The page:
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Supreme Court denies ASG’s petition for review in LVPA ruling

U. S. Supreme Court building

Pago Pago, AMERICAN SAMOA — The United States Supreme Court has “denied” the Territory of American Samoa’s petition for a “writ of certiorari” to review a federal appeal’s court ruling, which reversed a lower court decision dealing with the Large Vessel Protected Area (LVPA) in territorial waters.

The Supreme Court decision, was among several made on Monday this week, and the court docket in the Territory of American Samoa vs the US National Marine Fisheries Service (NMFS), gave no other documents or information on the higher court’s denial. The list of cases under “certiorari denied” petition includes American Samoa v. NFMS.

The San Francisco, US Ninth Circuit Court of Appeal was informed by the clerk of the Supreme Court via a brief notice that on Monday posted on court records, the decision on this case — “petition for a writ of certiorari is denied”.

Michael Francis Williams, attorney with the Washington D.C based law firm of Kirkland and Ellis LLP, which led American Samoa’s legal team didn’t immediately respond to Samoa News’ email inquiries Tuesday.

With the Supreme Court decision, two attorneys familiar with the petition issue told Samoa News that the case will be referred back to the appeals court, which will then direct the lower court to revisit its ruling. The attorneys only responded to the requests for a “brief” explanation to help with this story, and asked for anonymity.

The Territory of American Samoa — through ASG and the Governor’s Office — had sued NMFS and other federal officials over a 2016 rule in which NMFS reduced the LVPA from 50 miles to 12 to help the US locally based longline fleet.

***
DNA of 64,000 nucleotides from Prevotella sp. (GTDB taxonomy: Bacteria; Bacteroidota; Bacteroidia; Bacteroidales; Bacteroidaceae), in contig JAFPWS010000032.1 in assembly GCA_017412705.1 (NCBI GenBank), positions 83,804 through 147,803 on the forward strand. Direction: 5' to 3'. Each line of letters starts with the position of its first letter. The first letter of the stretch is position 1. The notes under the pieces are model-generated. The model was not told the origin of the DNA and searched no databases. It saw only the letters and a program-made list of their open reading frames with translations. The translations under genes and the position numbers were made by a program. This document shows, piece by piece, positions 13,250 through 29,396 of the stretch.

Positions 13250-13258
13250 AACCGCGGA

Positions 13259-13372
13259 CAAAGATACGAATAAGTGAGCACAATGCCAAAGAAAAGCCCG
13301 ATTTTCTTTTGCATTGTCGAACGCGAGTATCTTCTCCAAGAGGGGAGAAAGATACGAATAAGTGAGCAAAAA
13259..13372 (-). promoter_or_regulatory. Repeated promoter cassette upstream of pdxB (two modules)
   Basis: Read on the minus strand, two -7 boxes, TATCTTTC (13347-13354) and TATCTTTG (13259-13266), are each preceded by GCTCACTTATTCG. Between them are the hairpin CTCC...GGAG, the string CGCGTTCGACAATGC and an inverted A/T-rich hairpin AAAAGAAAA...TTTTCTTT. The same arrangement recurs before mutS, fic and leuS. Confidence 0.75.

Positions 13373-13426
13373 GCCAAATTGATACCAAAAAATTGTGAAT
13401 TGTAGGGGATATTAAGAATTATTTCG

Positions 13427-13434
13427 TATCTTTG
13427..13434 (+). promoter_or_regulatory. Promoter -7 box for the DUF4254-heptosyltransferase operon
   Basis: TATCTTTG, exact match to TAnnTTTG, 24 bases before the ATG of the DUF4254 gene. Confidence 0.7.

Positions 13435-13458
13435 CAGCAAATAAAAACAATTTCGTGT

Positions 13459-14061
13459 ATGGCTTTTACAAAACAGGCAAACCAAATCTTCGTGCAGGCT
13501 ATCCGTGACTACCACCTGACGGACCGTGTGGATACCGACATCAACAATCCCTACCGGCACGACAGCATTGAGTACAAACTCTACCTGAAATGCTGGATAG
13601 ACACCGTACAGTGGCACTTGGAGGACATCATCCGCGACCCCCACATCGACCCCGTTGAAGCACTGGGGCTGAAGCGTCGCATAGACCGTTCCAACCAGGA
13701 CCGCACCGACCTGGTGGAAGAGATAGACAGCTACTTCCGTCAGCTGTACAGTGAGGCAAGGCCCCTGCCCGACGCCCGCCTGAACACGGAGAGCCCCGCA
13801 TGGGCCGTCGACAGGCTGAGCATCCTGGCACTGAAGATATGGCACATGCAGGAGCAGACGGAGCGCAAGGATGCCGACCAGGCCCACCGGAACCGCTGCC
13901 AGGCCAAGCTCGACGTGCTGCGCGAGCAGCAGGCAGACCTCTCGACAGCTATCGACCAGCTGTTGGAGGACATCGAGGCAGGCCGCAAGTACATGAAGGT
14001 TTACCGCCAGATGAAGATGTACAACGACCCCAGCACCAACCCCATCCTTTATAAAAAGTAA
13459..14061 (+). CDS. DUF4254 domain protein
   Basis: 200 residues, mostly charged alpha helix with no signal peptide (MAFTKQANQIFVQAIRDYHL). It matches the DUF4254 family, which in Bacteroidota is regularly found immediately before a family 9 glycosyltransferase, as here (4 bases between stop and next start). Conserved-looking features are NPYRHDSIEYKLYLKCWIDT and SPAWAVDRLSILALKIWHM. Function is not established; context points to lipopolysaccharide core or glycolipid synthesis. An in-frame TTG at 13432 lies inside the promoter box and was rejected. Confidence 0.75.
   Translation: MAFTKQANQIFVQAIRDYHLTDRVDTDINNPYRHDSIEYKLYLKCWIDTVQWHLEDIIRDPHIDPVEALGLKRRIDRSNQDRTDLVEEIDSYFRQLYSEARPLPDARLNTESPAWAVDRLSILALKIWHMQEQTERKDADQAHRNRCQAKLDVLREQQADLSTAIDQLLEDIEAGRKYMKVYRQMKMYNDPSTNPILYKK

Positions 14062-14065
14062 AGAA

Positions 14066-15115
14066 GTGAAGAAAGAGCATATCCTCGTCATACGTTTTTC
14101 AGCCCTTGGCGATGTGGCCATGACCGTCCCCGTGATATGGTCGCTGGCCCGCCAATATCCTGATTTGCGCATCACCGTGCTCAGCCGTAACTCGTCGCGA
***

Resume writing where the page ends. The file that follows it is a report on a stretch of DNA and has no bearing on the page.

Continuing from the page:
The lawsuit argued among other things that the federal agency acted arbitrarily in changing the boundaries. The Territory argued that the final rule “threatened cultural fishing rights protected by the Deeds of Cession.”

The federal court in Honolulu, which heard the case, sided with American Samoa but NMFS and other federal defendants appealed the ruling to the Ninth Circuit whose three-judge panel reversed the lower court’s decision in a ruling.

In its petition to the Supreme Court, the Territory argued — among other things — that the “Ninth Circuit’s decision threatens to disrupt the relationship between the United States and one of its longstanding territories — a relationship predicated upon voluntary agreements that had served both sides well for more than a century.” (See Samoa News edition Feb. 24th and June 02 for details.)

NMFS argued that the appeal’s court did not address “the validity and enforceability” of the deed cessions. Instead, the appeal’s court concluded that NMFS had reasonably determined that its 2016 rule altering the boundaries of the LVPA would not have any significant effect on the fishing rights that petitioner asserts the cessions protect.

According to the Respondent (NMFS), “this case would be a poor vehicle in which to evaluate the reasonableness of the 2016 rule because petitioner lacks standing to challenge that rule. The petition for a writ of certiorari should therefore be denied.” (See Samoa News edition May 14th for details.)